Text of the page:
Robert Hentges who is a Bowling Green State University student.
It's that time of year: time to shoo the fledglings out of the nest and send them off to college.
Perhaps your child is full of bravado and ready to fly. Or maybe he is a little more uncertain about testing his wings. "All new students go through some level of transition," said Jodi Webb, senior associate dean of students at Bowling Green State University.
Most schools cover first-year survival skills at orientation. But let's face it, two days of advice on everything from paying your bills to drinking to roomie relationships can make a teen's eyes glaze over.
Here, in a condensed form, is the advice that students say they wish they'd paid attention to at orientation. We talked to parents and administrators, too, for their tips on getting off to a good start.
This first year is crucial, according to the research. The better students handle it, the more easily they make it through the next three years, said Jennifer Rockwood, director of the University of Toledo's First Year Experience.
For Nick Hentges, it hit his first night at Kent State University, after his parents had left. "I realized I was living completely by myself," the sophomore from Perrysburg remembers. "It was weird."
Knowing that even the most self-assured students will feel blue occasionally doesn't make it easier when a parent gets that call from a distraught child.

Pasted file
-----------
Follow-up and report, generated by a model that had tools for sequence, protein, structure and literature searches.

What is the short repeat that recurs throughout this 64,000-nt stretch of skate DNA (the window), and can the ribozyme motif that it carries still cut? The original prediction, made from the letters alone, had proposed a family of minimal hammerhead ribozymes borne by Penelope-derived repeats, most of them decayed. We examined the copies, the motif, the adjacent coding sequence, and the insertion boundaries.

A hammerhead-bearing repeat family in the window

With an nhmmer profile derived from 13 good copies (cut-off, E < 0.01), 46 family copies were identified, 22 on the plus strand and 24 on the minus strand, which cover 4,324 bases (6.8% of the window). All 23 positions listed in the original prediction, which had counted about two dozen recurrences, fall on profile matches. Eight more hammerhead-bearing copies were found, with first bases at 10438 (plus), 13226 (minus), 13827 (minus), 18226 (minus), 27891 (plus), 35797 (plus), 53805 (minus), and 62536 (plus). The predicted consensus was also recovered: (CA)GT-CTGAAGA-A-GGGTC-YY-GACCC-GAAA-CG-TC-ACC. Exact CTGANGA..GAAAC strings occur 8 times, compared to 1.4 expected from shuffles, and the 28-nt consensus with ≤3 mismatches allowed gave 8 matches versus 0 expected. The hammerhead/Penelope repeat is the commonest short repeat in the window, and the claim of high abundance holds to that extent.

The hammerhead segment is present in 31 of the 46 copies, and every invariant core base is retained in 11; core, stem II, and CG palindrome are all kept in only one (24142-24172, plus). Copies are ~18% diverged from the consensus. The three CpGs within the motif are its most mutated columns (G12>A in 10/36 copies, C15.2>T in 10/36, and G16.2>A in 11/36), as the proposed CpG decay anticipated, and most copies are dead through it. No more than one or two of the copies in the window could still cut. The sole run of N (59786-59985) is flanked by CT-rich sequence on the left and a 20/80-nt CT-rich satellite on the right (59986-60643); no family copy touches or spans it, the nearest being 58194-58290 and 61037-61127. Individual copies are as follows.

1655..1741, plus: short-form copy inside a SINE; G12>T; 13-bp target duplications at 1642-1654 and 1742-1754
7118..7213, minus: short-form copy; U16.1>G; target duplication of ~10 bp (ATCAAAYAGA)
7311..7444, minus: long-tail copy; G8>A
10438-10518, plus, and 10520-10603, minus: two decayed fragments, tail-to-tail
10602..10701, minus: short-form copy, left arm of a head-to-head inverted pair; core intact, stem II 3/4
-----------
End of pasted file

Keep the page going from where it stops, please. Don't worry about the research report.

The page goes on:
"When you're getting nonstop texts saying, 'I don't like this place' it's natural for parents to try to fix the situation," Ms. Webb said. "But [students] need to work things out for themselves."
That's just the advice Kelsy Hernandez, a sophomore at Ohio State University, got from her mom in Oregon after one particularly rough day. "I had been away from home for a really long time. I called my mom crying," Ms. Hernandez said. "My mom told me to ride it out because that's how you're going to learn to be independent."
Other tips for combating homesickness:
Maddy Mihaly, a junior at Grand Valley State University, calls her mom in Toledo when she travels between classes. She also schedules weekly Skype dates with friends at other schools.
Rob Hentges, Nick's brother and a junior at BGSU, recommends keeping your room door propped open. "People stop in to say hi," he said. "It's a great way to make friends."